Every Muslim who is capable and qualified to give a sound opinion on matters of Shari'ah, is entitled to interpret the law of Allah when such interpretation becomes necessary. In this sense Islamic policy is a democracy. But where an explicit command of Allah or his Prophet already exists, no Muslim leader or legislature, or any religious scholar can form an independent judgement; not even all the Muslims of the world put together have any right to make the least alteration in it."


The executive function, therefore, under the Shari'ah vest solely in the lust ruler or a group of such people who appoints his delegates and is "responsible only to the Shari'ah as represented by the Council of Jurists dispenses justice among His subjects, so a judge should judge without any distinction whatsoever. The Prophet said: "The previous nations were destroyed, because they let off persons of high rank and punished the poor and the helpless". In the Shari'ah, a judge is a judge for every matter - civil, criminal and military. There is no separate Judiciary for separate civil, criminal and military departments.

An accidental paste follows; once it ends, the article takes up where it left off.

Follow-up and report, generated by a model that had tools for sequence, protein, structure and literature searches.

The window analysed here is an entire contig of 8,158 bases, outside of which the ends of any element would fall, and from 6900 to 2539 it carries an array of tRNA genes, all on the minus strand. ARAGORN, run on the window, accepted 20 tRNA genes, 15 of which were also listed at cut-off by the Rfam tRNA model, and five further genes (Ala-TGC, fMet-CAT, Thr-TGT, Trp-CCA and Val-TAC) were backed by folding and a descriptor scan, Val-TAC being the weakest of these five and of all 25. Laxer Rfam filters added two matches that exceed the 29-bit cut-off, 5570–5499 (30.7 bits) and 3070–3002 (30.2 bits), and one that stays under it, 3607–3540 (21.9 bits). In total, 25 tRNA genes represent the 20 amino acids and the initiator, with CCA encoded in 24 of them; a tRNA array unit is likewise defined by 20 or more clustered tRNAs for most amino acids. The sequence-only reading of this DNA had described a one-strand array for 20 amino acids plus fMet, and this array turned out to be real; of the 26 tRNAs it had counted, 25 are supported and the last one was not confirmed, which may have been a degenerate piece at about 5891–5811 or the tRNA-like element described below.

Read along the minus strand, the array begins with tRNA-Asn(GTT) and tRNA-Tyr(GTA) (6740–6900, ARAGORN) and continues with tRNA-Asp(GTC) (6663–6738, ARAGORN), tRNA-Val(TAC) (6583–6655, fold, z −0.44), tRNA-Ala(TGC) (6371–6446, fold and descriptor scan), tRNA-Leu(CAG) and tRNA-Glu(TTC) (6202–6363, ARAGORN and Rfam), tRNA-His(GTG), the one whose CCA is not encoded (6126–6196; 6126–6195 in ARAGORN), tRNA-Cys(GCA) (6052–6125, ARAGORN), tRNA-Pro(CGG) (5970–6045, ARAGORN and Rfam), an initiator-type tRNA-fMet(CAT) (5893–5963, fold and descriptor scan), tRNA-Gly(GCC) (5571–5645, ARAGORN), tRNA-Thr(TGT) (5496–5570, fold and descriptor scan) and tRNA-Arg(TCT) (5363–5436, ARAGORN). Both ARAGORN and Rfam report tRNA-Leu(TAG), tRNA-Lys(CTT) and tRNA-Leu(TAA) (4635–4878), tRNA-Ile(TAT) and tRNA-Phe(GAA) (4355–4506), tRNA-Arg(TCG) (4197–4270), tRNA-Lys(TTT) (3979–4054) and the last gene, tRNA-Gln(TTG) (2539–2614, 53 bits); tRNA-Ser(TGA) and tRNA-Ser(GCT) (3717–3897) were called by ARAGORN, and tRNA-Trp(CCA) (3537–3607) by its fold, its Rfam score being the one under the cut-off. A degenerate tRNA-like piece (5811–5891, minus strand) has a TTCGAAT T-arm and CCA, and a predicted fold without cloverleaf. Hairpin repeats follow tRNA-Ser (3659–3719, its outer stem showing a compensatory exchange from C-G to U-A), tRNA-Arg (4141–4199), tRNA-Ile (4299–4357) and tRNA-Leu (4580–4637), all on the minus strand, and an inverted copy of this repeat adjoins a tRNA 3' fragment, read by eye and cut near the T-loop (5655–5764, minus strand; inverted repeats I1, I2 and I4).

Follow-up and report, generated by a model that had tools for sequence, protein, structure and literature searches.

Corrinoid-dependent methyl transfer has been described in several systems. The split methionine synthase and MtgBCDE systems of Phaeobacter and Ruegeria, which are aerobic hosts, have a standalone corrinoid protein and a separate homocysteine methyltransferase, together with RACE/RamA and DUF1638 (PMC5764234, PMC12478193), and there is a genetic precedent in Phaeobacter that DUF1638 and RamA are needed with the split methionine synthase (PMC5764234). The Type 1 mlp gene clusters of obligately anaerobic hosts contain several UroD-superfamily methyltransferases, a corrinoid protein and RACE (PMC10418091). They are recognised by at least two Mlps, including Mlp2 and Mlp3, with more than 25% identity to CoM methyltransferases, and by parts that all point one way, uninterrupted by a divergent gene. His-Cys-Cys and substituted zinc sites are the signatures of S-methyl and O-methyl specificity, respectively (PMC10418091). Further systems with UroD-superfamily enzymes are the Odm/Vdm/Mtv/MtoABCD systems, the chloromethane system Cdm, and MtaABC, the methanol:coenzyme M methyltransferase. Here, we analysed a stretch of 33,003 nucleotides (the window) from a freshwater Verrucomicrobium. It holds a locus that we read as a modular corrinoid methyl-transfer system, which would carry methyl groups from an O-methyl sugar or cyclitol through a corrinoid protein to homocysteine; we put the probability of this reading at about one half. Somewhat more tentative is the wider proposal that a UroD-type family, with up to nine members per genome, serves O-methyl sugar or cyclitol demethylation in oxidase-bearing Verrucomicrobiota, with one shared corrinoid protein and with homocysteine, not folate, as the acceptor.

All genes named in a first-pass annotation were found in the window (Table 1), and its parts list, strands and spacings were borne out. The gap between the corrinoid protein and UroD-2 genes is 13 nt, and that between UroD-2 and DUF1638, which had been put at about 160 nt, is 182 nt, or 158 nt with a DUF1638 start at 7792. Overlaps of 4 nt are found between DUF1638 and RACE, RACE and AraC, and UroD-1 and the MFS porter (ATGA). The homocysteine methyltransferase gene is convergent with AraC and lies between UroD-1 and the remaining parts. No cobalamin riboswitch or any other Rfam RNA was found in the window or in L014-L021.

The basic principles of Shan'ah. therefore, can be summed up as

follows:                       . . -


(a)        The larger interest of society takes precedence over the interest of the individual.


(b)        Although "relieving hardship' and 'promoting benefit' are both among the prime objectives of the Shan'ah the former takes precedence over the latter. •


(c)        A bigger loss cannot be inflicted to relieve a smaller loss or a bigger benefit cannot be sacrificed for a smaller one. Conversely, a smaller harm can be inflicted to avoid a bigger harm or a smaller benefit can be sacrified for a larger benefit.




Al-Qadi (The Judge) and His Responsibilities Under Shari'ah


Qualification of a Qadi:


As we have seen, Islam has given a great importance to Justice which

must be done at all cost. Those who perform the function of the Qadis

(judges) or Qadial-Qudat (Chief Justice) must be not only men of deep

insight, profound knowledge of the Shari'ah, but they must also be

Allah-fearing, forth right, honest, sincere men of integrity. The Holy

Prophet (SAW.) has said:                         *